If you thought that the Covid-19 pandemic was a black swan event, Sanjay Gupta, chief medical correspondent for CNN and neurosurgeon, has some bad news for you. “We are entering a pandemic era,” Gupta told audience members at the Modex 2022 keynote presentation on Tuesday.
As humanity encroaches on more and more environments, there will be more interactions between pathogens and humans, Gupta explained to DC Velocity’s Group Editorial Director Emeritus Mitch Mac Donald, who moderated the keynote session. Most of the time, those interactions will be innocuous, Gupta said, but every now and then it could spark an outbreak.
The good news, however, is that it is possible to be “pandemic proof,” says Gupta. The key is to use the learnings from this pandemic to help anticipate and prepare for the next. Gupta used the example of Hong Kong, which was hit hard by the SARS outbreak in 2003. When Covid-19 emerged, Hong Kong immediately went into protective mode, implementing social distancing, aggressive contact tracing, testing, and screening. Those moves help Hong Kong to initially avoid a lockdown and kept cases relatively low in 2020. (The city has since been hit hard by the Omicron variant earlier this year.)
The keynote was conducted as a conversation between Gupta and Mac Donald, held on the main stage at industry association MHI’s biennial supply chain trade show in Atlanta. Mac Donald launched the session by asking Gupta if we can finally put the Covid-19 pandemic in the rearview mirror.
“That question is really more of a philosophical one than a science one,” said Gupta. The answer depends on how much risk and lethality society is willing to tolerate, he said. “The flu currently kills 60,000 people per year, and we tolerate that as a society,” Gupta said. “It doesn’t need to be that high, we have just come to accept it.”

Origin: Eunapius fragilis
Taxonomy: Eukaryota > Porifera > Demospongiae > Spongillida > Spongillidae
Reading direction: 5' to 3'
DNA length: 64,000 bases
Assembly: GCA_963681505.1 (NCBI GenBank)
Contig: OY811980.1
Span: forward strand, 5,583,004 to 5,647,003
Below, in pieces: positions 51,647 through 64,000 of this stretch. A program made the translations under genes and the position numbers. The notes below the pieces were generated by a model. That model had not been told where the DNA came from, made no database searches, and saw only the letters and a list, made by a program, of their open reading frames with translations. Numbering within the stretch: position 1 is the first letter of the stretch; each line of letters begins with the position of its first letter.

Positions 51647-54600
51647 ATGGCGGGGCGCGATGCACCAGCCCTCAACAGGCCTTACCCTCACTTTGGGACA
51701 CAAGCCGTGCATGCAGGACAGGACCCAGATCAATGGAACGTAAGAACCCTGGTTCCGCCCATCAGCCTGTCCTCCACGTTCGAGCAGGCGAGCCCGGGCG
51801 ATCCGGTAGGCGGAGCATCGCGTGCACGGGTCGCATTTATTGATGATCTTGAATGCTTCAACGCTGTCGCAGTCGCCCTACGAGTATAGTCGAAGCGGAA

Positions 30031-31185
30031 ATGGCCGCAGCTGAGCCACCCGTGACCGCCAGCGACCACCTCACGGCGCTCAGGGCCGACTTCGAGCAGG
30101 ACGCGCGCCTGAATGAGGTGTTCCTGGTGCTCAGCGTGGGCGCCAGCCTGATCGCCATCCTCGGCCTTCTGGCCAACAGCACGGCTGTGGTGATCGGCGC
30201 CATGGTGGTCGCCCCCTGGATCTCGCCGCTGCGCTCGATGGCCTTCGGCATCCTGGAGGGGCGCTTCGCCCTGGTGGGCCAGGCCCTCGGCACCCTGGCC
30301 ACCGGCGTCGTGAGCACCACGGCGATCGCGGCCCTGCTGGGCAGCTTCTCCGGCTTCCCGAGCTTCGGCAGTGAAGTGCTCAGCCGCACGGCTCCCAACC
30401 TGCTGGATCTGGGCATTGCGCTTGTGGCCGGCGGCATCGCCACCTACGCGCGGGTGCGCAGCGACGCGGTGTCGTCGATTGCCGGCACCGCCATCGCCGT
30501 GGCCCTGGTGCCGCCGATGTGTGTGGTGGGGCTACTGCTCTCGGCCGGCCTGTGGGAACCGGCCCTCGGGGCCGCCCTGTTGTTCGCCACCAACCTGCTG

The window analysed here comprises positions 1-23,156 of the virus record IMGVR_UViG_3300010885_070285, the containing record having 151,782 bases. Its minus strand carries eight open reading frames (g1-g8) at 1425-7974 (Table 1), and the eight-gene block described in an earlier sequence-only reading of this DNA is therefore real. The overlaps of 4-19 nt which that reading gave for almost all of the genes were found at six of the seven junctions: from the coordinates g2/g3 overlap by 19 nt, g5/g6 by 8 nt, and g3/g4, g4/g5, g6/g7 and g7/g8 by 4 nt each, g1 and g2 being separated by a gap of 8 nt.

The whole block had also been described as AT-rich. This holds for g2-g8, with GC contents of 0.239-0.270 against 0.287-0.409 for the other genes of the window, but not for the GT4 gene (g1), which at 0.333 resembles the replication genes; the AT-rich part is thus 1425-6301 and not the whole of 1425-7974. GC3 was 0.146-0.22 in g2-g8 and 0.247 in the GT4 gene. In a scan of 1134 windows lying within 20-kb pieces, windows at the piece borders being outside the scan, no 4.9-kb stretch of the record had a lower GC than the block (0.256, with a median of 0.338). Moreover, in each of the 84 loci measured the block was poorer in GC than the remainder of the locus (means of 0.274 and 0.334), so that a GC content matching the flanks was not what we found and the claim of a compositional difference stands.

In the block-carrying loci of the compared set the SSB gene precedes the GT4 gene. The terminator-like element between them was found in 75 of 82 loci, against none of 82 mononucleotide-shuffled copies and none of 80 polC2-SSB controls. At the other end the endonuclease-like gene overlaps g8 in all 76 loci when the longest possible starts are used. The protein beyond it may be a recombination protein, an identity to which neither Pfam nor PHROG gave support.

A similar decision will need to be made in terms of Covid. On the plus side, we now have a better idea of how the virus is transmitted and how to defend against it, said Gupta. Additionally, the development of the Covid vaccine was a significant scientific development.
“[As a result,] we can do events like this one,” said Gupta.
Whether we truly can become protected from future pandemics, however, will depend on human nature and how long our memories are, Gupta asserted. In fact, during George W. Bush’s administration a pandemic preparedness plan was developed to make the country pandemic proof. The plan involved funding people to serve as “virus hunters” searching for new diseases, testing in the field, maintaining a national strategic stockpile, and working to develop a universal vaccine. The plan carried a cost of $20 to $30 per citizen.
“We did have proactive thinking,” said Gupta, “But it is human nature to grow lax as time goes on.”
Gupta was clear that the healthcare supply chain will play a crucial role in whether or not we can reach his dream of becoming pandemic proof. One clear priority is to diversify sourcing and increase redundancy. As examples of the lack of diversity, Gupta pointed to the fact that there are only two nasal swab manufacturers in the world, 80% of raw ingredients for most medicines come from China and India, and 80% of surgical masks are made in China.
“We need to start rewarding risk mitigation,” he said. “In the past, we had been all about reducing redundancy.”
While much remains unclear about how to incentivize for risk and what measures will best protect us from future pandemics, there is one thing that is certain, according to Gupta: Our success will depend on collaboration and a commitment to serving the wider community.
“Our survival as a species will never come through rugged individualism,” he said. “It will only come through reciprocal altruism.”